“We are acknowledging this day of mourning by placing a plaque reading ‘Elizabeth II 1926-2022 at the George V station on Ligne 1,” transport operator RATP stated. 

The Queen Elizabeth plaques will cover those reading George V for today (September 19), while the funeral takes place, and will be removed this evening. 

Read more: Paris métro station George V pays homage to Queen Elizabeth II

A new métro line opens in Rennes 

The Ligne B of the Rennes métro system is set to open tomorrow (September 20), after a series of delays. 

The first train will set off at 05:15. The new line means that three quarters of people in Rennes will now live less than 600 metres from a métro station. 

It is estimated that the Ligne B will prevent 50,000 car journeys each day.

“There will continue to be a period of setting up and fine-tuning,” the city’s mayor Nathalie Appéré has said. 

Rennes is one of the smallest cities in the world to have a métro system, along with Lausanne in Switzerland and Brescia in Italy.

Hunting season opens in much of northern France 

In much of the northern half of France, this week marks the first of the 2022-23 hunting season, which will run until February 28 in the vast majority of departments. 

You can see the exact dates for your department in the article below: 

Read more: MAP: The dates for the 2022-3 hunting season in your French department

Read more: Is there a way to check if a hunt is taking place near me in France?

In most of southern France, the season began on September 11, and in some places it will start on September 25.

The opening of this year’s hunt comes as the French Senate is expected to publish reports based on discussions triggered by petitions calling for stricter rules and ‘no-hunting’ days. 

Read more: French Senate debates whether to ban drinking while hunting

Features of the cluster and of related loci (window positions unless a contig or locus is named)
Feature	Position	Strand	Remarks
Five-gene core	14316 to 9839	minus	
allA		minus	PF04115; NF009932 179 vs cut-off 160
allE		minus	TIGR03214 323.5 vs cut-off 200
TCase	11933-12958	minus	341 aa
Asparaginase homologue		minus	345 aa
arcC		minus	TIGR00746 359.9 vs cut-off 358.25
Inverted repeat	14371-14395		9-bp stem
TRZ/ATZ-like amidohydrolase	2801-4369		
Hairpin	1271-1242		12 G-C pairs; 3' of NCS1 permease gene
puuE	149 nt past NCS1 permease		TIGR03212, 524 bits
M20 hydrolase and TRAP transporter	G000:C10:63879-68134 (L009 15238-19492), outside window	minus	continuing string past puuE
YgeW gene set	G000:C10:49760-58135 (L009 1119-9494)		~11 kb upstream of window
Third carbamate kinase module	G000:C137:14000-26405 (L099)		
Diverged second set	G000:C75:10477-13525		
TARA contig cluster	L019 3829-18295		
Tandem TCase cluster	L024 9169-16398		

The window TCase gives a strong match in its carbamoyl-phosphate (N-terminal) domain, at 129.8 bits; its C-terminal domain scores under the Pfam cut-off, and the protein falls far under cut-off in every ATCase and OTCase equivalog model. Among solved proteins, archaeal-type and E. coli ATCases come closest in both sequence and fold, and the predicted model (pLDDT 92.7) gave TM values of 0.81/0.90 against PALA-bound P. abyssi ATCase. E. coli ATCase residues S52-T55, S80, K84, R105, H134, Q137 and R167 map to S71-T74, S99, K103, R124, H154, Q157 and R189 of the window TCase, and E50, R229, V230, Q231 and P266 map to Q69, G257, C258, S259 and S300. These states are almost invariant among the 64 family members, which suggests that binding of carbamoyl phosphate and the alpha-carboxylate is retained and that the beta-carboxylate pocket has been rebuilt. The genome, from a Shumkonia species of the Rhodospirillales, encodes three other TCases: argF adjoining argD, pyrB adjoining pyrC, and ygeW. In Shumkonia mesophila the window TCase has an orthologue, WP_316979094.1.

Some tax payments due in France 

People due to pay impôt sur la fortune immobilière property wealth tax on their property assets owned on January 1, 2022 have until tomorrow (September 20) at midnight to do so if they are paying online by internet or smartphone (for other methods the deadline was September 15).

Their bank accounts will only be debited from September 26. 

Note however, that certain people may be given later dates for payment, in which case use the date on your avis d’imposition (bill) for this tax. This is also likely to apply to you if you have not yet received your avis. Check with your tax office if in doubt.

Those who have impôt sur le revenu and/or French social charges to pay on 2021 income also have until tomorrow at midnight to pay their bill online (unless they have a direct debit set up). 

Similarly to property wealth tax, the money will only actually be debited on September 26. If the amount due is more than €300 it will be taken in four amounts, spread over the last months of the year.

The Festival Origines Contrôlées

Toulouse is hosting the Festival Origines Contrôlées this week, with open air concerts, a comedy night, a poetry reading and other events aimed at foregrounding the immigrant culture which helps to characterise the city. 

Related articles 

New low-cost TGV routes, Irish flights: Eight France travel updates

Coronavirus: Daily updates on the situation in France

Drought map: See what water restrictions apply in your department